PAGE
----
‘Traditional’ AI

At Amazon, said Honaman, “What I call traditional AI is already built into many parts of our business, so we use it for product recommendations, image analysis, managing fraud-free ecommerce, and contact center solutions.

“AI is built into the robots that move product around our fulfillment centers, machine learning models are running on Alexa devices, while in our ‘Just walk out’ technology [in Amazon stores] we’re using computer vision and sensor fusion to build virtual [shopping] carts. Same thing with Amazon One where you use your palm for payment; AI is built into the ML algorithms that enable that.”

AI is also helping shoppers to search using an image in order to find similar products online, while virtual try-on (VTO) experiences for eyewear enabling users to see what glasses look like on their own faces are significantly increasing conversion rates.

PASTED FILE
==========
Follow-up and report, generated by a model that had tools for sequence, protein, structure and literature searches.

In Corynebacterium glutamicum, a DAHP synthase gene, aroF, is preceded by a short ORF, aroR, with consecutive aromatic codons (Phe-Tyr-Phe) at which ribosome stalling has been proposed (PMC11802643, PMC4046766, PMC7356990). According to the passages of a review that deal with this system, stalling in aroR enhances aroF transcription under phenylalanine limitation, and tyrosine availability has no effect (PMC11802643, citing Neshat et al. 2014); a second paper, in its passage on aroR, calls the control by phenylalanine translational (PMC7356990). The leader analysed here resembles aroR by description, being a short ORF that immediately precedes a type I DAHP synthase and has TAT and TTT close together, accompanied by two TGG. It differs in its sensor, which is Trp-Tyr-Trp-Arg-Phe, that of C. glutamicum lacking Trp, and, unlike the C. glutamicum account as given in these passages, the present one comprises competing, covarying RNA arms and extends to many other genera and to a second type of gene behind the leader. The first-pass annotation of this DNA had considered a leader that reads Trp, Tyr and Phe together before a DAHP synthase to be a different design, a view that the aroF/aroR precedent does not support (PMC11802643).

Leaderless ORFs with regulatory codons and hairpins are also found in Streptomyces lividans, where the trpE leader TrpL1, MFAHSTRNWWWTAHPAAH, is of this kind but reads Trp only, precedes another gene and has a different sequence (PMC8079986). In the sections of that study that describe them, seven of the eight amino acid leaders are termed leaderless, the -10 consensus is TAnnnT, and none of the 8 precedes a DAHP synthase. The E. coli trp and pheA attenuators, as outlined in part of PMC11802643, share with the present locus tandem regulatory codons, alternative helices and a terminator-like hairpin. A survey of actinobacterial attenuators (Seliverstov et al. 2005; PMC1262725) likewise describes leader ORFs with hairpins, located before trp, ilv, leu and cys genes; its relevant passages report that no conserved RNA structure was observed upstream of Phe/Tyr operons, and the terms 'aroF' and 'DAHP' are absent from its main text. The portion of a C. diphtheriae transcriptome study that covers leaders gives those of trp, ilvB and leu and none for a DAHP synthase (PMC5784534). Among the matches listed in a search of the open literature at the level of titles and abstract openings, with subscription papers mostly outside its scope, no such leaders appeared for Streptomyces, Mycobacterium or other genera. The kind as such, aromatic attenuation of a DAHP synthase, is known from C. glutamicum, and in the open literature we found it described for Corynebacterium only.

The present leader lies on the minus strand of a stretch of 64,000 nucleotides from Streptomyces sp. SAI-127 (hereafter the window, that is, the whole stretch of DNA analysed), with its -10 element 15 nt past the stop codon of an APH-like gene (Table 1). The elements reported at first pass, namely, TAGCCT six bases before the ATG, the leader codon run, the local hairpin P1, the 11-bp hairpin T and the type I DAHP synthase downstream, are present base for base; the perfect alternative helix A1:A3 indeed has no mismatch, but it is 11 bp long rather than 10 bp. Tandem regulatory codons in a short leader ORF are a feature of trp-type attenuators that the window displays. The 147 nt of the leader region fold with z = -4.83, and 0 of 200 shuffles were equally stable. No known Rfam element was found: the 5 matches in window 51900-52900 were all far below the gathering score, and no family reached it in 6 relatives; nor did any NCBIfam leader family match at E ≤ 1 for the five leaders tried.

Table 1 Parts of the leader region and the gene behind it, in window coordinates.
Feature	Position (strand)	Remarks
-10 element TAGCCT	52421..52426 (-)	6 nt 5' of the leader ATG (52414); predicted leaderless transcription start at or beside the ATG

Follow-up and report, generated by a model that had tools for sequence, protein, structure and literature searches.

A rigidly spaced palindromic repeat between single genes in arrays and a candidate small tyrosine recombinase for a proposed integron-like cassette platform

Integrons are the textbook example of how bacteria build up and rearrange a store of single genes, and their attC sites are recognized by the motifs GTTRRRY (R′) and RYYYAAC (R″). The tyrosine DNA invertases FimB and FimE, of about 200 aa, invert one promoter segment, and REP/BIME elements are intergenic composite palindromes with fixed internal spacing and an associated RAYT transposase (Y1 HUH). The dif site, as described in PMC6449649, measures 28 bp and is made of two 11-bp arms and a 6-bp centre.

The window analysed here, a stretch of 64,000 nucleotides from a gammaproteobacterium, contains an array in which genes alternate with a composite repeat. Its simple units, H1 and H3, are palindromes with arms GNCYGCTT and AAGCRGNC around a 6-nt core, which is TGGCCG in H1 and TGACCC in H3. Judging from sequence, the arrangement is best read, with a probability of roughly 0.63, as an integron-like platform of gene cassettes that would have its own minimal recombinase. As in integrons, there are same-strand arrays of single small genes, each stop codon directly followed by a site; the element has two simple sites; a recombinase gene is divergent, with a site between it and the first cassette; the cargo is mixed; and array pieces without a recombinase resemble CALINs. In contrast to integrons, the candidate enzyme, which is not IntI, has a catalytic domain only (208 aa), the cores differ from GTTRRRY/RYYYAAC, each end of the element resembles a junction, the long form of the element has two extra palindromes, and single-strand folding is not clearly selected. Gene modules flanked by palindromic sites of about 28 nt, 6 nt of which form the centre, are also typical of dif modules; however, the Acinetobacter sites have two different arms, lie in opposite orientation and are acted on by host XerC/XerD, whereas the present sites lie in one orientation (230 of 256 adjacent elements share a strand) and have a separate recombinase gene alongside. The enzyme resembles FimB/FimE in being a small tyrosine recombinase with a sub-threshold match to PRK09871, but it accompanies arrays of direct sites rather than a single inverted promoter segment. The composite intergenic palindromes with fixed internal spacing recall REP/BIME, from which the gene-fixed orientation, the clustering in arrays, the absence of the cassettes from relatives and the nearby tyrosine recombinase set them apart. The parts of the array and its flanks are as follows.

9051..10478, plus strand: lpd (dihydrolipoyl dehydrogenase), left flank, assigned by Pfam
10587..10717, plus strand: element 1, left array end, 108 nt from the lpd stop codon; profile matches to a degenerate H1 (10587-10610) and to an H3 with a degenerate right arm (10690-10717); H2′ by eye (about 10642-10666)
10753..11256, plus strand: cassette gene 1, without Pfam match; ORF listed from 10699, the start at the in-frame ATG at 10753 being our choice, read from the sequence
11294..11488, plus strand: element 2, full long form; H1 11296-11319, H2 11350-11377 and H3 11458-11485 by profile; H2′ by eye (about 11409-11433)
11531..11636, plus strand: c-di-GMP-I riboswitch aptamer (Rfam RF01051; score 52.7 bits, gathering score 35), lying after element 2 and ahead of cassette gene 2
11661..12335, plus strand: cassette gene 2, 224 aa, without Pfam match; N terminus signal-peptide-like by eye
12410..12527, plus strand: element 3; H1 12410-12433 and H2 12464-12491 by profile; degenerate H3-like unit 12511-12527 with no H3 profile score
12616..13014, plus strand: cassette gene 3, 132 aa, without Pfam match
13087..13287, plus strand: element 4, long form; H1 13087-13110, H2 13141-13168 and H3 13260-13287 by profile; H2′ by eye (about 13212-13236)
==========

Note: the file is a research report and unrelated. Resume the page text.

Amazon diffuse to choose
Amazon diffuse to choose

Generative AI: From Rufus to diffuse to choose

As for generative AI, he said, Amazon has been doing a lot of work with a text model to create concise summaries of customer reviews, highlighting key points and common themes to help shoppers quickly grasp the overall sentiment about a product without having to sift through scores of individual reviews.

“We have many customers that have hundreds of reviews on their own ecommerce platform,” he added. “As one of our customers, you can have a model run against that data today and get some insights from it.”

‘Diffuse to choose,’ meanwhile, is a new tool built by the retail team that deploys a diffusion-based image-conditioned inpainting model to seamlessly blend product images (e.g., a tee shirt) into users’ personal photos, creating realistic visualizations allowing customers to virtually try on products in their own environments, said Honaman. “There’s lots of work happening on images and the ability to manipulate images.”

Stable diffusion open models—machine learning models designed to generate high-quality images from text descriptions—also enable users to select an item of furniture, for example, and then see what it looks like in different environments using written prompts (see below).